tasmāt sarveṣu kāleṣu
mām anusmara yudhya ca
mām evaiṣyasy asaḿśayaḥ
Translation of Bhagavad Gita 8.7
Therefore, Arjuna, you should always think of Me in the form of Krishna and at the same time carry out your prescribed duty of fighting. With your activities dedicated to Me and your mind and intelligence fixed on Me, you will attain Me without doubt.
Commentary by Sri A.C. Bhaktivedanta Swami Prabhupada of Gaudiya Sampradaya:
This instruction to Arjuna is very important for all men engaged in material activities. The Lord does not say that one should give up his prescribed duties or engagements. One can continue them and at the same time think of Krishna by chanting Hare Krishna. This will free one from material contamination and engage the mind and intelligence in Krishna. By chanting Krishna’s names, one will be transferred to the supreme planet, Krishnaloka, without a doubt.
Commentary by Sri Vishvanatha Chakravarthi Thakur of Gaudiya Sampradaya:
The mind creates the decision to think of me. The intelligence creates the determination to do so.
Commentary by Sri Ramanuja of Sri Sampradaya:
8.7 Therefore, at all times, until your departure, remember Me, day after day. Engage yourself in actions appropriate to your station and stage in life, which would make you remember Me. These actions are prescribed by the Srutis and Smrtis and comprise the periodical and occasional rites. Thus, by this means, with your mind and intellect set on Me, you will remember Me at the time of death and thus attain to Me in the manner desired by you. There is no doubt about this. Thus, having laid down the common principle that the attainment of one’s end is dependent on one’s last thought, Sri Krsna proceeds to describe different modes of contemplation (Upasana) to be practised by the three groups of devotees for acquiring their objectives. Of these, he first speaks about the modes of contemplation to be adopted by the seekers of enjoyments and power and the type of the last thought consistent with their contemplation.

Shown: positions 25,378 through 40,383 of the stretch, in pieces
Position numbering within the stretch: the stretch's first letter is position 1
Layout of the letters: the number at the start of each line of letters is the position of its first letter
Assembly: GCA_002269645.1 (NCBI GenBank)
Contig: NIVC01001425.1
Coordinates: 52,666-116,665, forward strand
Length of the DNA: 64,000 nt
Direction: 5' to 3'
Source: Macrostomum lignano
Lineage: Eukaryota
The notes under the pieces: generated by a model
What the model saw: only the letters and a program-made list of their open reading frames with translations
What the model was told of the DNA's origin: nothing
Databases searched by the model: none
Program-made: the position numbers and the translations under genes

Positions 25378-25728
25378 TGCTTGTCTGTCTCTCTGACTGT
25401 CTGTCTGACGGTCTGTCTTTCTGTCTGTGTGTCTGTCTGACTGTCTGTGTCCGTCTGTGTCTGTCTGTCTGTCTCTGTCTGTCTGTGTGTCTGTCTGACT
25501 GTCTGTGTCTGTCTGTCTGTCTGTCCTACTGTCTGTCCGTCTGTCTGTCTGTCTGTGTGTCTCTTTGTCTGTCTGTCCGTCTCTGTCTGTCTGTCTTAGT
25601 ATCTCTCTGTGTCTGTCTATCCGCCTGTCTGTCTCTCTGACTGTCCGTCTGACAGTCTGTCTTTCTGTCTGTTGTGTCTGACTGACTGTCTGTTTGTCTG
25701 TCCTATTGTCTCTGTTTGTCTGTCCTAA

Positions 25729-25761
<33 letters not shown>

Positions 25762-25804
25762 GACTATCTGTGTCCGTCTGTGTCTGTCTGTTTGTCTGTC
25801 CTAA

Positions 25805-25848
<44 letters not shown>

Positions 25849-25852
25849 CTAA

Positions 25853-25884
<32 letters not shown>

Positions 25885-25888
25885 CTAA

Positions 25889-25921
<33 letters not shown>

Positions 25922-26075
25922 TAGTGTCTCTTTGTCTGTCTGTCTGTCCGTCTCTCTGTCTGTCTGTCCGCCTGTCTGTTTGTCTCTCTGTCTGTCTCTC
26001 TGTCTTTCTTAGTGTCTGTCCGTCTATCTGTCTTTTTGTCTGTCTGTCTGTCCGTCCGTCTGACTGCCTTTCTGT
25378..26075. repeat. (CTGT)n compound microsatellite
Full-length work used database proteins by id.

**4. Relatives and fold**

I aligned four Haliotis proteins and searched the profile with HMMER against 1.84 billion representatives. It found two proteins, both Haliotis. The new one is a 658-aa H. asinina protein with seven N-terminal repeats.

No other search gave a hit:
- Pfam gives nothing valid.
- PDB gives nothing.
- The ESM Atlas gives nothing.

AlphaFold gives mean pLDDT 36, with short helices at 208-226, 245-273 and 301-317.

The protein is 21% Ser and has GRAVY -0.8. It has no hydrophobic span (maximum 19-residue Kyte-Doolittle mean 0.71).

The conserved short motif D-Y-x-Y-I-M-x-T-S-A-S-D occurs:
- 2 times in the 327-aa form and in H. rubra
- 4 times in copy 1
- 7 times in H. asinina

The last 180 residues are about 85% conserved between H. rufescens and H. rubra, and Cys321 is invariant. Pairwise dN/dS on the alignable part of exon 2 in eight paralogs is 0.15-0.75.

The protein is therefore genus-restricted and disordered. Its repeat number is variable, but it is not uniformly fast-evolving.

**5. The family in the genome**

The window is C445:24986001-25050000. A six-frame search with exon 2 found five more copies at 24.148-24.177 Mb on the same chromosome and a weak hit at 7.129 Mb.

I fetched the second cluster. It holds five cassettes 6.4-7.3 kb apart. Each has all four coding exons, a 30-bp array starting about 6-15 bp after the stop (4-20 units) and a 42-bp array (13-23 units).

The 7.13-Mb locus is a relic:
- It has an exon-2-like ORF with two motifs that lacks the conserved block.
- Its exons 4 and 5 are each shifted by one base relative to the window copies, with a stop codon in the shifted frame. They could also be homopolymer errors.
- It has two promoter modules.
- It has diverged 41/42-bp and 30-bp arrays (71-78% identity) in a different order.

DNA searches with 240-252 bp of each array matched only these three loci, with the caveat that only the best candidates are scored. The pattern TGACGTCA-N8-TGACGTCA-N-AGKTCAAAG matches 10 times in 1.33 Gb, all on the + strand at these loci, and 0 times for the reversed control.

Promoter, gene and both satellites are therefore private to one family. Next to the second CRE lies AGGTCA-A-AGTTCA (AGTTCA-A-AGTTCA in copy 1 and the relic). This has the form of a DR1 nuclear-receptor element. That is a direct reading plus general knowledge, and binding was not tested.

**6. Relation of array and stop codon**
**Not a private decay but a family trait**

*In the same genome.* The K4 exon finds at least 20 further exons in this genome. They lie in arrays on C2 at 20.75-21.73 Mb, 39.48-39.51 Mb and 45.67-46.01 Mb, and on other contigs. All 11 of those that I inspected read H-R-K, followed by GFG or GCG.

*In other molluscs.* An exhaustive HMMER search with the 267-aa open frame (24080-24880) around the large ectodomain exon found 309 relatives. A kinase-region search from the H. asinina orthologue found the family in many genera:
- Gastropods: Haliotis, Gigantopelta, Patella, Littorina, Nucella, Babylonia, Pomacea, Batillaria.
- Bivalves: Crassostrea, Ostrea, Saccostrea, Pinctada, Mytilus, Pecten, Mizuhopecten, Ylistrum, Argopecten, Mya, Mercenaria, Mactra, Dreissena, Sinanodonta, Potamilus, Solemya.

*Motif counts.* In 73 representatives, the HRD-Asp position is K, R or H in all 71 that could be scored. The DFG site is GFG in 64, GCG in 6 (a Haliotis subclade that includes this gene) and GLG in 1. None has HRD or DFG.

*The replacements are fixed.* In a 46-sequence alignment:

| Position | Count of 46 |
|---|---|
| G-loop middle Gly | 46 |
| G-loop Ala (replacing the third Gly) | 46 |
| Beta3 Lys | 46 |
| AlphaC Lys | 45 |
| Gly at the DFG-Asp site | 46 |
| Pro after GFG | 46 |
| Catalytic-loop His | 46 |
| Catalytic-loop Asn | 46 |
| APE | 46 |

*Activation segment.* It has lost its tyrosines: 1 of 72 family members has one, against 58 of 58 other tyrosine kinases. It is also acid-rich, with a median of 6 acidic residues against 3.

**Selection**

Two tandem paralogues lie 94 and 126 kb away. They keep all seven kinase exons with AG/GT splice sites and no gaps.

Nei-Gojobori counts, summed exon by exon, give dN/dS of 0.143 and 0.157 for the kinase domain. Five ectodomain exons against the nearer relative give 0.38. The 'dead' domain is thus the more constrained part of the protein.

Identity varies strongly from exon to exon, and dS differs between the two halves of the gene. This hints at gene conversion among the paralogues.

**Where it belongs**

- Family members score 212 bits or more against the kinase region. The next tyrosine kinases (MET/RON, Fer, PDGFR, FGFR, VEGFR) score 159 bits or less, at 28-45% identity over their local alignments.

Commentary by Sri Sridhara Swami of Rudra Sampradaya:
It is natural that the aggregate impressions previously enacted in one’s life will be the points of remembrance at the time of death; and as it is impossible for a catatonic, moribund person to make a special effort for recollecting the Supreme Lord. Lord Krishna is thus compassionately advising to always remember Him in everything one does meditating on Him within. But as it is a reality that constant meditation is not possible without purity of mind then one must first performed their prescribed duties according to varnashram or ones position and rank in society. In Arjuna’s case being a ksatriya or warrior, it was his duty to fight battles for protecting righteousness and so Lord Krishna advises him to fight with his mind devoted to the Supreme Lord and in this way he will attain purity of mind. Thus by surrendering one’s mind which is reflective and one’s intellect which is determinative both in devotion to Lord Krishna exclusively one will attain Him without fail.
Commentary by Sri Madhvacharya of Brahma Sampradaya:
Sri Madhvacharya did not comment on this sloka.
Commentary by Sri Keshava Kashmiri of Kumara Sampradaya: